WHO WE ARE
Ocean Frontier Institute's 'Informing Governance Responses in a Changing Ocean' is a collaborative research initiative that examines the consequences of social, ecological, economic and institutional changes for the future of fisheries, coastal communities and the economy of Newfoundland and Labrador, Canada.
It also explores alternative options for governments and other governing actors to respond to these changes in order to help achieve a sustainable future.
WHAT WE DO
FROM TAKING STOCK
The first phase of the project hosted a Taking Stock Dialogue, bringing together stakeholders from research, government, industry and the community to appraise changes that occurred (e.g. regulatory, industry, resources) leading up to and since the groundfish moratoria, critically assess current fisheries, and identify where research is required to fill knowledge gaps.
TO GETTING IT RIGHT
The final phase of the project will use the research results as a basis to develop and host a Getting it Right Dialogue, where stakeholders will be invited to discuss options for Newfoundland and Labrador's fisheries and to develop short- and long-term governance responses.
HOW WE DO IT
The research program includes five projects critical to informing current and future governance:
ACCESS TO RESOURCES & MARKETS
Sub-module I-1 investigates access to resources and markets in Newfoundland and Labrador in the context of changing certification and international trade agreements.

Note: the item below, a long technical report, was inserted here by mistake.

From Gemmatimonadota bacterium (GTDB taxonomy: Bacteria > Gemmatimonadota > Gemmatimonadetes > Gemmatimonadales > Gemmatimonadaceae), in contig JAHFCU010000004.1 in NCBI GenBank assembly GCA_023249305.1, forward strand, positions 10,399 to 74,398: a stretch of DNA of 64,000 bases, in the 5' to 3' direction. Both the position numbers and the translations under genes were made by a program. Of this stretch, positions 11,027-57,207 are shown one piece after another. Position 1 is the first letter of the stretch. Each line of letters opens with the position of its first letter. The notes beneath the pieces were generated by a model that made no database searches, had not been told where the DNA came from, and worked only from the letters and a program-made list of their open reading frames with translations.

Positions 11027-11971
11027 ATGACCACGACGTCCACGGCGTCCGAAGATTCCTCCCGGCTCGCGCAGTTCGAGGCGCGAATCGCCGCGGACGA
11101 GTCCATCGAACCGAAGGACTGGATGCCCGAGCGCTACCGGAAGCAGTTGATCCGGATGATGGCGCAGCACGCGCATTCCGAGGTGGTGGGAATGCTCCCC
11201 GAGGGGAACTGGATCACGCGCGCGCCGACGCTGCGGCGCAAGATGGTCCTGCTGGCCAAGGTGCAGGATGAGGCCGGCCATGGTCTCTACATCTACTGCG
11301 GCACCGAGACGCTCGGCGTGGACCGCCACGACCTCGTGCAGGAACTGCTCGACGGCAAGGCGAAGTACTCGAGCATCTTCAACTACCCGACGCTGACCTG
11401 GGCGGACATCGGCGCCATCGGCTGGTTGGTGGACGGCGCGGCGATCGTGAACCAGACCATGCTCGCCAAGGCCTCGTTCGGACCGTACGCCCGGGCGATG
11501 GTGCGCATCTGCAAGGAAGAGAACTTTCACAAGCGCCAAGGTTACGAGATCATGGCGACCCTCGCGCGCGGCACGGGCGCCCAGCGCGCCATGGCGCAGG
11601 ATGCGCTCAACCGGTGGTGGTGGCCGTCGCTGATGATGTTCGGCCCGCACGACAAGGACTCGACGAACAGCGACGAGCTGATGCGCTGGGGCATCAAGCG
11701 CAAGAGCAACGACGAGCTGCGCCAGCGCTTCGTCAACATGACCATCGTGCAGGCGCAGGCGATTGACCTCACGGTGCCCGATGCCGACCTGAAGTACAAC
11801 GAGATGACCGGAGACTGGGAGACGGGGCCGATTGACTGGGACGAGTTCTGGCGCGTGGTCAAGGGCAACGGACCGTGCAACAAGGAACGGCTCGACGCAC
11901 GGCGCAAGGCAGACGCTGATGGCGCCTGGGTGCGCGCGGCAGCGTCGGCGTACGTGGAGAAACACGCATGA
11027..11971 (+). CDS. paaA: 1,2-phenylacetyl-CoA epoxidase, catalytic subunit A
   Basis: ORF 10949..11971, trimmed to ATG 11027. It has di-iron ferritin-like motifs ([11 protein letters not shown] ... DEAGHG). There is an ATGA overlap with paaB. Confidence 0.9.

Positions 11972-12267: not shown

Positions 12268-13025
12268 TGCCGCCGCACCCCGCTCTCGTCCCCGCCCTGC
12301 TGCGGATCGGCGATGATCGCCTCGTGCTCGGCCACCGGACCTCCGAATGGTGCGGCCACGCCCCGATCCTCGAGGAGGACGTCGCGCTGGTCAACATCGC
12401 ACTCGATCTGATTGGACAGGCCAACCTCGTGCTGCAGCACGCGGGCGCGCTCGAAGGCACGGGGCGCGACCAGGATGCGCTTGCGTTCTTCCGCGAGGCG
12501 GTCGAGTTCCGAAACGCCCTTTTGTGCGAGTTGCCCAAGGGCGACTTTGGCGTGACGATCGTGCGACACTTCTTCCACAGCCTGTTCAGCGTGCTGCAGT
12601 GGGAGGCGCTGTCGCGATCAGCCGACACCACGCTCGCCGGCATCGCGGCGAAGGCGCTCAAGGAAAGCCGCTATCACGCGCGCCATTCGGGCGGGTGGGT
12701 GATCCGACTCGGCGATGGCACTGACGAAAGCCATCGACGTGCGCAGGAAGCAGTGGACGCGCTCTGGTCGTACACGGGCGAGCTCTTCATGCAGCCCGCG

Sub-module I-2 aims to learn about recruitment and retention in Newfoundland and Labrador, within small scale fisheries and intergenerational transfer of fishing enterprises.
Sub-module I-3 explores the perceptions, values and knowledge of people living in Newfoundland and Labrador.
Sub-module I-4 is about addressing known or suspected fleet design, operation and related marine safety training, technological and governance challenges to help reduce risk in future Newfoundland and Labrador's fisheries.
Sub-module I-5 is focused on addressing questions of vulnerability and viability in Newfoundland and Labrador, bringing sustainability, rural, gender, aboriginal and social power lenses to research and consultations.
Sub-module I-A aims to understand how all organizations and communities understand the commercial fishing industry in Nunatsiavut, and to build convergence on a vision for the future of fisheries management in the Labrador Inuit Settlement Area.
fish harvesters' knowledge
Sub-module I-B is focused on expanding on previous research conducted by FFAW on flounder fishers’ knowledge into other key flounder fishing areas along the northeast Newfoundland coast in order to ensure representativeness of the region’s historical flounder fisheries.
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